The Mummy (1999) Poster



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The white nightgown Evelyn wore when the ship was attacked became transparent when it got wet and had to be digitally painted white during post production so the film could keep its PG-13 rating.
With the exception of a loin cloth and a few pieces of jewelry, Patricia Velasquez's costume consists entirely of body paint which took 14 hours to apply.
In 2004, Universal Studios theme parks (Hollywood and Orlando) opened their "Revenge of the Mummy" rides based on both this movie and "The Mummy Returns" (2001). The rides became so popular, the lines would stretch into the main park with riders waiting for hours in the hot California or Florida sun. To alleviate the stress of waiting, when the lines would move, fans of the movie would wearily chant "Im-ho-tep. Im-ho-tep. Im-ho-tep." as the hypnotized townspeople do halfway through the movie.
Brendan Fraser passed out while filming because the noose around his neck was too tight.
The Medjai were originally supposed to be tattooed from head to toe, but Stephen Sommers vetoed against it because he thought Oded Fehr was "too good-looking" to be covered up.
When King Tutankhamen's tomb was found on November 4, 1922, the person in charge was George Herbert, 5th Earl of Carnarvon. Along with him was his daughter, Lady Evelyn Carnarvon. Rachel Weisz's character is named Evelyn Carnahan. Originally, her character was meant to be Evelyn Carnarvon. She and her brother were to be the children of the "cursed" Lord Carnarvon. The only evidence of this left in the film is in the line where Evelyn tells O'Connell that her father was a "very, very famous explorer". The Mummy novelization goes into a bit more detail on her back story.
The library disaster was done in one take. It would have taken an entire day to re-shoot if a mistake had been made.
According to director Stephen Sommers, Universal phoned him the morning after this movie was released and said, "We need another one."
"Imhotep" was actually the name of the architect who developed the first pyramids in ancient Egypt, most notably the Pyramid of Djoser at Saqqara around 2600 BC. His ability was such that he was later said to have descended from the gods. His name means "one who comes in peace"
An Egyptologist was brought in to phonetically render what Ancient Egyptian might have sounded like for the dialogue.
The opening voice-over was originally intended to be read by Imhotep. Director Stephen Sommers later realized that Imhotep wouldn't be able to speak English, and gave the voice-over to Ardeth Bay instead.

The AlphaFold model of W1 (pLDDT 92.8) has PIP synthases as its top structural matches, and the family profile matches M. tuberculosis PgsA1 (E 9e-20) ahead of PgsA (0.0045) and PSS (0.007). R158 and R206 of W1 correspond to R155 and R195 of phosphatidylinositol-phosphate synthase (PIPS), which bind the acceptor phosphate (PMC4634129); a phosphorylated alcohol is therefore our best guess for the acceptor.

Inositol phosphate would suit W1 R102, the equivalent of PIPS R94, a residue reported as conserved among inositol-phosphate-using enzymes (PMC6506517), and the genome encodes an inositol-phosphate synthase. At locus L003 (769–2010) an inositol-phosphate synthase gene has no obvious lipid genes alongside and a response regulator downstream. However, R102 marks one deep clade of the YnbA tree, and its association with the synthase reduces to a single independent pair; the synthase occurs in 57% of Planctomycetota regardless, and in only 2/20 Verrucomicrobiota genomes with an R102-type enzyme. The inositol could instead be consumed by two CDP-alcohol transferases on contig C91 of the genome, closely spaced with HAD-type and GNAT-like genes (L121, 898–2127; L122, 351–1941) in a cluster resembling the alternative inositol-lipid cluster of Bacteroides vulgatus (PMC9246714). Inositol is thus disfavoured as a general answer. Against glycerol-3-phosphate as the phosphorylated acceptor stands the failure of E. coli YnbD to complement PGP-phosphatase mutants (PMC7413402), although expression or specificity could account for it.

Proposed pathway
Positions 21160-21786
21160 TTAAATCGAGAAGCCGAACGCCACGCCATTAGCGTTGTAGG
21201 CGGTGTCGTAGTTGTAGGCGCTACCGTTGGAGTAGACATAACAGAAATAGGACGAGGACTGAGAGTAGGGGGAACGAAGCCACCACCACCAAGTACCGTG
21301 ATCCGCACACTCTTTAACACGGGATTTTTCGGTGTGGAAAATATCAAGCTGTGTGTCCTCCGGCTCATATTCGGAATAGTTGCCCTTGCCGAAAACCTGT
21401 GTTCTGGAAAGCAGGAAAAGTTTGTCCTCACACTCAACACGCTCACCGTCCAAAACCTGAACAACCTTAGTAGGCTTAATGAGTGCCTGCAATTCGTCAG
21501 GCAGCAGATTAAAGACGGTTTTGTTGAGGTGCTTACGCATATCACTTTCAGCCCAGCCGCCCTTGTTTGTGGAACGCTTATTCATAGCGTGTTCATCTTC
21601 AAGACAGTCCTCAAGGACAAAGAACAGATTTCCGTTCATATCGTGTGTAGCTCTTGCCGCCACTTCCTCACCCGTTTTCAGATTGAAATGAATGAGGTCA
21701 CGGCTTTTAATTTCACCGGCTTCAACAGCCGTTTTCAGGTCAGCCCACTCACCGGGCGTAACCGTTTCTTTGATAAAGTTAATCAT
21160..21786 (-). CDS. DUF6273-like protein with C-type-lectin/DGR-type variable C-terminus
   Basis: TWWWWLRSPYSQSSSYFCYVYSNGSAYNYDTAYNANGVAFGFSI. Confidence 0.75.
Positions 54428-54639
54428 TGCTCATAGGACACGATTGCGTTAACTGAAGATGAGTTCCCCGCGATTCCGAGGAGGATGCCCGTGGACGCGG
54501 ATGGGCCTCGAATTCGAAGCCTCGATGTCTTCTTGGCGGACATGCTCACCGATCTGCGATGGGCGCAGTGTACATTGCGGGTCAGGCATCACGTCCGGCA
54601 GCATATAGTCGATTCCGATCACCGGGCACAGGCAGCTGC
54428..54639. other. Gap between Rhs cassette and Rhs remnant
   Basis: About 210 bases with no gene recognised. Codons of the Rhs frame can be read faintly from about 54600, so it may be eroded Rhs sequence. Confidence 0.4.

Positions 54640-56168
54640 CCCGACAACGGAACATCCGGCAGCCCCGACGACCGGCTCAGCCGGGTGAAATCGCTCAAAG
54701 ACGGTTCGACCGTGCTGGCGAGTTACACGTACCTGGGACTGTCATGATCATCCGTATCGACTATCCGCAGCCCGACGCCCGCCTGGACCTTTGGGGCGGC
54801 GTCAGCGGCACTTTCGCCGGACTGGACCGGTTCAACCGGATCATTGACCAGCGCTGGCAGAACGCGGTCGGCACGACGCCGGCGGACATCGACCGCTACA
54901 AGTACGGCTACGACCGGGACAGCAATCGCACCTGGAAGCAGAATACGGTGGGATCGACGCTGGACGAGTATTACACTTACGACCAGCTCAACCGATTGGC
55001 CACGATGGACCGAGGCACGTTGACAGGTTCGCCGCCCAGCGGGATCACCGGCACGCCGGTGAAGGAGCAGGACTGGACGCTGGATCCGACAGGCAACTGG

In one scene, Beni is shown with a sackful of gold which he is trying to load onto a camel, and Beni pulls the camel by the reins but the camel doesn't budge; the camels all, for some reason, hated Kevin J. O'Connor.
While filming, John Hannah sprained his wrist and had to wear a brace on it, which shows up during his final scenes.
Director Stephen Sommers came up with the gag of Evelyn (Rachel Weisz) saving Rick (Brendan Fraser) from two gunshots on the burning boat the night before they filmed the scene.
Leonardo DiCaprio was rumoured to have been offered the role of Rick O'Connell, it's believed DiCaprio was said to have loved the script and wanted to be in it. However he already agreed to star in The Beach (2000), it also said that DiCaprio asked if The Beach could be delayed so he could film The Mummy, but producers refused. However, filming of The Beach was delayed anyway.
The scene in the beginning where Imhotep is mummified freaked out actor Arnold Vosloo. He had to be in bandages for four hours to film the scenes where he's wrapped in bandages and put in his tomb.
It was originally planned to open the film with the old black and white Universal logo that had been used at the beginning of The Mummy (1932) which would dissolve into the blazing desert sun.
The scene in which the scarabs come from the sands to chase the explorers was done by using an air compressor on the set that went off to simulate the insects' emerging from the sand.
The plastic dummies used as dessicated corpses in the film to represent the Mummy's victims are the same as those used in the cult 1980s sci-fi film Lifeforce (1985). One character even refers to the Mummy sucking the 'lifeforce' out of people.
A cloak lent by the British costume rental company Angels and worn by an extra in this film was discovered to have in fact been made for Alec Guinness when he played Obi Wan Kenobi in Star Wars: Episode IV - A New Hope (1977).
Despite the name, the title character was never mummified. His followers were, but he was subjected to a very different death.
During the filming of the scene in which hail and fire fall down on Cairo, dried dog food was painted white and used as balls of hail, thrown down on the set.
In the original script, Evy was supposed to say, "He's gorgeous" when she first sees the fully resurrected Imhotep. The line was filmed, but removed from the final cut.
The line "think of my children!" given by Beni in the scene aboard the riverboat was ad-libbed by Kevin J. O'Connor.
The prison scene was shot entirely at an apartment complex in Marrakech.
During the scene when Imhotep is raising the sandstorm in the desert, the camera had to quickly pan up; the wind machines being used kept blowing Arnold Vosloo's cape up, exposing his backside.
When Clive Barker was attached to the project, The film was intended to be a low budget horror film. Barker's vision for the film was violent, with the story revolving around the head of a contemporary art museum who turns out to be a cultist trying to reanimate mummies. George A. Romero was brought in with a vision of a zombie-style horror movie similar to Night of the Living Dead (1968), but this was considered too scary.